Wow. It has been 60 days since George’s bone marrow transplant. So far, we have just been chugging along. George is working full time from his home office, getting his magnesium transfusions every day, home infusion team comes twice a week to draw labs, I’m making sure he eats even though he doesn’t want to. All in all, things have been going smoothly.
But on August 23, we got a call from Rite-Aid saying George’s medicine was ready to be picked up. Huh? We didn’t call in any refills….and he wasn’t prescribed anything new as far as we knew. So we thought maybe it was an old prescription and the call was just a mistake. Later in the day, George got a notification that he had a message from the team at UPenn. When he opened it, it read:
Your most recent CMV level was 910. We would like to start a different anti-viral medication to help treat your most recent cmv reactivation. I have sent the the new medication to your rite aid pharmacy. The new medication is valgancyclovir 900 mg twice daily. Once you start the new medication please stop the acyclovir.
We will continue to recheck your CMV level once weekly. Once your level is negative again we will stop the valgancylovir and restart acyclovir.
The most common side effect of the valgancylovir is that it can affect your blood counts.
Wait, what? What is CMV?? (consults Google). So, Cytomegalovirus (CMV) is a well-known pathogen in immunosuppressed patients. After primary infection, this betaherpesvirus is not eradicated but establishes life-long infection in its host. CMV is dispersed and becomes dormant in multiple end organs, a state also referred to as “latency,” and can later be reactivated by a number of different stimuli, including immunosuppression and inflammation. Approximately 60% of people in the United States have been infected with CMV by the age of 6 years, and thus a large population harbor latent virus, making them “at risk” for reactivation.
Basically, like all viruses I the herpes family, once you get this you have it forever. So, it was lying dormant in George and once his immune system was suppressed, it was free to “reactivate.”
He was tested for CMV before the transplant and he did have it in his system. We just didn’t pay attention to those test results because we didn’t know what the implications were.
We were glad to see his count coming down nicely after a week of taking the new anti-viral medication.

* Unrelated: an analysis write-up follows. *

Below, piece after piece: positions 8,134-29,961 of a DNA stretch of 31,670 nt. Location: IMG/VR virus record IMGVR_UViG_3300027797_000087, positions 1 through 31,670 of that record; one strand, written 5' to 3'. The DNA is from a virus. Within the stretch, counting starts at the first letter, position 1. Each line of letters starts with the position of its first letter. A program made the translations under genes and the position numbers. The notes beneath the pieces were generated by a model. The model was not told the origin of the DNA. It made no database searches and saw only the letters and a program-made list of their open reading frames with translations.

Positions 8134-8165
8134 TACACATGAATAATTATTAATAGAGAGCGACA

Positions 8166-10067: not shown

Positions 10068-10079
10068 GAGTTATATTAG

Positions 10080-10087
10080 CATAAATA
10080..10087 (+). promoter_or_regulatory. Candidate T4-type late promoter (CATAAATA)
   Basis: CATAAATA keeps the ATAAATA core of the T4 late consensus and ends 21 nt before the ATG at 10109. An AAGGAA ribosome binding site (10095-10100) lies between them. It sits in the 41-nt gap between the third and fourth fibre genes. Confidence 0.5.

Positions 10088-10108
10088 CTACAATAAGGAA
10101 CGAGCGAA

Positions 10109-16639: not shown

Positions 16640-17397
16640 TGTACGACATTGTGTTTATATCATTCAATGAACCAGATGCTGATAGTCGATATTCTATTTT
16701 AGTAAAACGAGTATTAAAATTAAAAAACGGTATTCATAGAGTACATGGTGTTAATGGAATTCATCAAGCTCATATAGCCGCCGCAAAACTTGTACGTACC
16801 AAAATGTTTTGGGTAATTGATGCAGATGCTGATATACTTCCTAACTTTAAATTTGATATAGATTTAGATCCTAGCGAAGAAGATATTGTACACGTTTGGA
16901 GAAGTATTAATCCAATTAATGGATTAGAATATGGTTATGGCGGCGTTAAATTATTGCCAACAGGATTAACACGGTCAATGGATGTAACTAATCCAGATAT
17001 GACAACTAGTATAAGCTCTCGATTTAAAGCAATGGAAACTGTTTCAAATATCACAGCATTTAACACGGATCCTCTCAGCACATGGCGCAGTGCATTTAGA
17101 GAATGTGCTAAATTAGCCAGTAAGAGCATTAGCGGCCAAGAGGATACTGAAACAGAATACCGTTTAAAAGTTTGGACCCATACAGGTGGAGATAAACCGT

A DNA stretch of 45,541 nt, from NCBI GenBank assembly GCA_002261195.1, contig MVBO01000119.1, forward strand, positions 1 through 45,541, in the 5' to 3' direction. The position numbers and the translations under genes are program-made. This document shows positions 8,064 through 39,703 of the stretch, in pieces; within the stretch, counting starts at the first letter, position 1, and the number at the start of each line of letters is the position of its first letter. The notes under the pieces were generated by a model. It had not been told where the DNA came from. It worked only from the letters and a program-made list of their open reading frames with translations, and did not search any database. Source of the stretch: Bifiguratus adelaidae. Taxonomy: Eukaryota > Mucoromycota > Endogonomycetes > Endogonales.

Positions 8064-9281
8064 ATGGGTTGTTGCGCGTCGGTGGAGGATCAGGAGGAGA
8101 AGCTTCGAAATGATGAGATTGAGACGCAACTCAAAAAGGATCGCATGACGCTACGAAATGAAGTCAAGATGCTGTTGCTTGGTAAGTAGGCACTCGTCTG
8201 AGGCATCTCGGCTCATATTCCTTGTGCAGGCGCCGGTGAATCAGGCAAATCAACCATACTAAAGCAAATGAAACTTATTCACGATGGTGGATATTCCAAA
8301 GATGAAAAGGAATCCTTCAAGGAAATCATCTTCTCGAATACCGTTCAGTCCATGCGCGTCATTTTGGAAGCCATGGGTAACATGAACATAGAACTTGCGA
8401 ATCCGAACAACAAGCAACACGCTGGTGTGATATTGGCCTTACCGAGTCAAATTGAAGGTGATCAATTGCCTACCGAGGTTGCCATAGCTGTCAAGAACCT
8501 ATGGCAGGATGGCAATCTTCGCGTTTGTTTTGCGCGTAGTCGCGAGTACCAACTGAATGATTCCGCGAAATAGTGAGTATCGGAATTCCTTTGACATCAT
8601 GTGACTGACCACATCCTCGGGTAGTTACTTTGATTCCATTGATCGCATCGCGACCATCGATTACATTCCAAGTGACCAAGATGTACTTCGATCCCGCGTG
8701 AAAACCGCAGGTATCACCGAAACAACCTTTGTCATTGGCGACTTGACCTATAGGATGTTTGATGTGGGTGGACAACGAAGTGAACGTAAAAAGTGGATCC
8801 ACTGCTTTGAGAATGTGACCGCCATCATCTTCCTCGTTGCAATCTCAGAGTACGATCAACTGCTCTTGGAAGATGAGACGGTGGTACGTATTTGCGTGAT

When we first got the news about the CMV reactivation, we of course immediately consulted Google, as I previously stated. Pro-tip: don’t do that. Talk to your doctor! Because, what did we find? Well, this: For people who have weakened immune systems, especially people who have had an organ, stem cell or bone marrow transplant, CMV infection can be fatal. Oh, ok! Reading that and all the things that could go wrong with CMV reactivation was pretty scary and distressing. But, it seems like the risks are great for untreated CMV, and George is being treated. So, it was a relief to see those numbers come down and to read the message he received again and realize, there was no sense of urgency or panic in it and the plan is to return him to his regularly scheduled anti-viral once the CMV is under control. This is one of the reasons he gets his blood drawn twice a week. To monitor for things like this.
George met with Dr. Loren for the first time since June on August 31. It was super encouraging for George because she told him he looks amazing and she was astounded to learn he was working every day and that he is able to walk over 2 miles. She said his blood counts are great, that everything looks great! Exactly what we wanted to hear!
George’s next doctor’s appointment is on September 13. I noticed something in Dr. Loren’s notes after George’s appointment on Aug 31 that I want to ask about. She wrote:
“consider post-transplant gilteritinib given low level FLT3 diagnosis.”
Gilteritinib, sold under the brand name Xospata, is an anti-cancer drug. It acts as an inhibitor of FLT3. It was developed by Astellas Pharma and in April 2018, Astellas filed a new drug application with the Food and Drug Administration for gilteritinib for the treatment of adult patients with FLT3 mutation–positive relapsed or refractory acute myeloid leukemia (AML).
The FLT3 gene contains instructions for a protein called FLT3, which helps white blood cells grow. Yes, George was found have the FLT3 mutation when he had his first bone marrow biopsy. And yes, that moved him from a good prognosis to fair/poor. That along with the ASXL1 mutation. But….why is the doctor considering this treatment when it’s for relapsed or refractory (not achieving remission) AML? George hasn’t even had a bone marrow biopsy after his transplant yet to see if there is any residual disease- he will have one next month. So, this is confusing and somewhat alarming. Is she anticipating refractory AML? We will definitely be asking Jackie, the bone marrow transplant guru, on our next visit.
Also, months ago we asked Dr. Loren if the fair/poor prognosis due to the genetic mutations pertained to before transplant and if that prognosis would change once he had new bone marrow and was in remission. We never really got an answer. I am going to ask that again.
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